The capital is aiming to attract 3.9 million visitorsAugust 4, 2015 9:00
Low cost airlines are storming into the regional market. Are they challenging the full service carriers or risking overkill? Trends magazine reports.
February 10, 2010 12:34 by Emily Meredith
During the financial downturn, Middle Eastern airlines felt the pressure. “The airline industry faced a challenging year in 2009,” says Abdul Ali, the chief executive of Air Arabia Group. “Middle Eastern carriers lost $500 million collectively due to a mismatch between capacity and demand, pressure on prices and, correspondingly, net income.”
But the region’s low cost carriers were not as severely affected by the downturn as were the full service airlines. Concentrating on frequency and flights between destinations that previously had no direct links, the low cost carriers are answering to a demand that full service airlines could not.
Jazeera’s Pichler said that the company has catered to families who need to rein in their holiday costs. “Traditionally our customers are families and people who are traveling for leisure purposes.” Recently – and especially with the downturn – a larger portion of Jazeera’s customers are business travelers and government officials.
The chief executive of recently launched Flydubai, Ghaith Al Ghaith, said that customers are people who use the company in order to be able to fly more and who are couldn’t travel before.
“I’m sure there are a lot of people who wanted to travel who travel more now.” Flydubai, like other regional carriers, has expanded its coverage by opening up routes that did not previously exist. “Quite a few of the routes weren’t direct,” Al Ghaith says.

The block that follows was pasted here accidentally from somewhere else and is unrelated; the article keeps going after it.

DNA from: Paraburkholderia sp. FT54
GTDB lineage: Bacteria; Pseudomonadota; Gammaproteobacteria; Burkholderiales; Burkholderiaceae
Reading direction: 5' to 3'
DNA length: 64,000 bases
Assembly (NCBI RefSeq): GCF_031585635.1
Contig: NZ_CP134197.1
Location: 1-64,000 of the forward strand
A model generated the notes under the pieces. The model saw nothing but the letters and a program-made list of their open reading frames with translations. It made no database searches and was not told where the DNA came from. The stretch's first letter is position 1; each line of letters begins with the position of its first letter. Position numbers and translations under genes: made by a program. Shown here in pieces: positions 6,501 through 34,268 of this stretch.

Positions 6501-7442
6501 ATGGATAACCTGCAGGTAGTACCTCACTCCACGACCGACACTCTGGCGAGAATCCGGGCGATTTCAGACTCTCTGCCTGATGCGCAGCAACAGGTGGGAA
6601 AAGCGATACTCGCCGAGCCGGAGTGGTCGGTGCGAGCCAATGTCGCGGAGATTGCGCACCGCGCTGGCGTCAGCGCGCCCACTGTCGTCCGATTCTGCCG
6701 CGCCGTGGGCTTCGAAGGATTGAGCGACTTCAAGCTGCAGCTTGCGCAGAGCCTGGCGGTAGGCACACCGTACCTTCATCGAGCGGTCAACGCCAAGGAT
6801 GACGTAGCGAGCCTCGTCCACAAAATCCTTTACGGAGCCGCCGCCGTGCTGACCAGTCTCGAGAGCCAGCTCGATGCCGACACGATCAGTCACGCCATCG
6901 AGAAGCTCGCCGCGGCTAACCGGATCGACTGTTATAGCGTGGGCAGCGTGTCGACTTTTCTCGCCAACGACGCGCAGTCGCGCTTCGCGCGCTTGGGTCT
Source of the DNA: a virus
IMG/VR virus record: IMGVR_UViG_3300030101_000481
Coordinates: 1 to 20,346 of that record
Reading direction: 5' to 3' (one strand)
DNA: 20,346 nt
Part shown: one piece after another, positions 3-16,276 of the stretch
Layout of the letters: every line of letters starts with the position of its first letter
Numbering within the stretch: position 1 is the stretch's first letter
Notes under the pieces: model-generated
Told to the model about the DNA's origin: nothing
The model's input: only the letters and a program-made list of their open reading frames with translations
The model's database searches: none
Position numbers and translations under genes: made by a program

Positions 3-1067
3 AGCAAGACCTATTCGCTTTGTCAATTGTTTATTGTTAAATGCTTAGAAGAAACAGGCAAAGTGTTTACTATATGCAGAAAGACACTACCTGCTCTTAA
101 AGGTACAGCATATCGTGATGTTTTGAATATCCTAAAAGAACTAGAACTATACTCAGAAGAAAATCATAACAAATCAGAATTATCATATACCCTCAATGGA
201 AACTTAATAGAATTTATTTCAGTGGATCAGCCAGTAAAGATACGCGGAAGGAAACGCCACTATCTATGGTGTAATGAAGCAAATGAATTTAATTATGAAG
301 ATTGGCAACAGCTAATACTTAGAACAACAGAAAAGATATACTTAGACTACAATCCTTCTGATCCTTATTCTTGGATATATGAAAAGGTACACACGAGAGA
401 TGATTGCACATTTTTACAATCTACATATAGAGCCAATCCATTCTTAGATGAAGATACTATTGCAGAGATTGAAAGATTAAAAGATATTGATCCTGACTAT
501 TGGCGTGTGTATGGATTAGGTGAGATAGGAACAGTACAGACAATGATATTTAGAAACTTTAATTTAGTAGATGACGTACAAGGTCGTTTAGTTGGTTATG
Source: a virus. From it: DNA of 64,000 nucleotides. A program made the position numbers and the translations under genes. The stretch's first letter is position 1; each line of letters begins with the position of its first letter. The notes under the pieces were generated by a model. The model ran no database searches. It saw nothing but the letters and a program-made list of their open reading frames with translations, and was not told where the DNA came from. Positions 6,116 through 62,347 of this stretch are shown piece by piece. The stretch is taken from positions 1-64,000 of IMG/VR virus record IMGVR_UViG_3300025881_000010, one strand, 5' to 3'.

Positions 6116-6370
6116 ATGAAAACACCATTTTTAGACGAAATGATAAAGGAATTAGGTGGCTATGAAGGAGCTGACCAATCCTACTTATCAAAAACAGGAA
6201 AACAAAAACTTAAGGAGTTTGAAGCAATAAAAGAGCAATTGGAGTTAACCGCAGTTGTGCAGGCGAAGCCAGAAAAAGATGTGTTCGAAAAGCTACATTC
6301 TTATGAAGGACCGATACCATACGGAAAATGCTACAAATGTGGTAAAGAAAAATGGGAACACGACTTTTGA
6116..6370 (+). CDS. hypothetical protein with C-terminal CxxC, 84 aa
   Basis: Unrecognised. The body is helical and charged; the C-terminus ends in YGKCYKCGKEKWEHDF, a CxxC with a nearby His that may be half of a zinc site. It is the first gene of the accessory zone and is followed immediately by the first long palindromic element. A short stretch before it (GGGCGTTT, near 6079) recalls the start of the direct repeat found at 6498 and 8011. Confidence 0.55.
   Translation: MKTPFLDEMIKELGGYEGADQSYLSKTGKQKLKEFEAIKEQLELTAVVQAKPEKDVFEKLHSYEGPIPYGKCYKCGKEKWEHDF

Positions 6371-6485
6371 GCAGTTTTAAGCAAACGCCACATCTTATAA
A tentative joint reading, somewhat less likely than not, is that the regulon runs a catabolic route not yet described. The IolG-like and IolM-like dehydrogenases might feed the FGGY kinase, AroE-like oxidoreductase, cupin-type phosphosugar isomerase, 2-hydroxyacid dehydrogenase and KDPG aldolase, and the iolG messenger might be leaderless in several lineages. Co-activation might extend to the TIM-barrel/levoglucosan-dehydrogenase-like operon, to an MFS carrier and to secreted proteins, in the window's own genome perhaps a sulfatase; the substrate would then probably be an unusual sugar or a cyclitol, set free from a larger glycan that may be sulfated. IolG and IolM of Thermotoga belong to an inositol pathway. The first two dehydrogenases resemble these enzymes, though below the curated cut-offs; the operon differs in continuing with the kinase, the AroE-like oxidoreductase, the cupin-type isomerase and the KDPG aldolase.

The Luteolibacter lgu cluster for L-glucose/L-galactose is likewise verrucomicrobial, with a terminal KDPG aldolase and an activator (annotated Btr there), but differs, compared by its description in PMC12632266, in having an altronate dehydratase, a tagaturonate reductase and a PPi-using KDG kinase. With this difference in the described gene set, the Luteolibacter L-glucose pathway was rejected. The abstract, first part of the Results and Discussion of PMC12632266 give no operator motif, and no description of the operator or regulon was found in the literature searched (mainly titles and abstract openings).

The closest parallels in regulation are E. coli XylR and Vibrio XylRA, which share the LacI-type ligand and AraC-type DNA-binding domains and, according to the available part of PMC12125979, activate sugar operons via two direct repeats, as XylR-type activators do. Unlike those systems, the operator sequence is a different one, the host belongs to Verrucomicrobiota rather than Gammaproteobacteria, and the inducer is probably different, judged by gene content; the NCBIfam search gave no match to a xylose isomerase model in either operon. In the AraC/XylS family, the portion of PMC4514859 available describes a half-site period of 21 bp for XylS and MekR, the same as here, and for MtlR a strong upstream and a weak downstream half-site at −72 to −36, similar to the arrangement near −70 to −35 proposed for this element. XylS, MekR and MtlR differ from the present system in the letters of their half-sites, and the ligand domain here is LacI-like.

In the past year, more and more companies have been trying to take advantage of the gap that existed in the market, with a flurry of announcements about expansion. Jazeera Airways announced delivery of new aircraft and Air Arabia’s chief executive told Reuters news agency in Morocco that the 44 Airbus planes the company had ordered may not be enough to meet demand.
Founded in 2003, Air Arabia is one of the oldest of the region’s 14 low cost carriers. Four companies operate out of Turkey, two from Saudi Arabia, and two from Kuwait. And while many of the Gulf carriers are looking to the Levant to expand their business, Menajet, operating out of Lebanon, competes for the same business.
But announcements of expansion, particularly ones made in headier days, have sometimes been premature. In 2008, Flydubai, which was established for $68 million, committed to spending $4 billion on a fleet of Boeing 737s at the 2008 Farnborough air show.
The company appears to have learned a lesson about announcements. When asked how many routes Flydubai is planning to open in 2010, Al Ghaith was cautious. “It’s a very difficult number to give,” he said. “We said we would do 12 by this year.”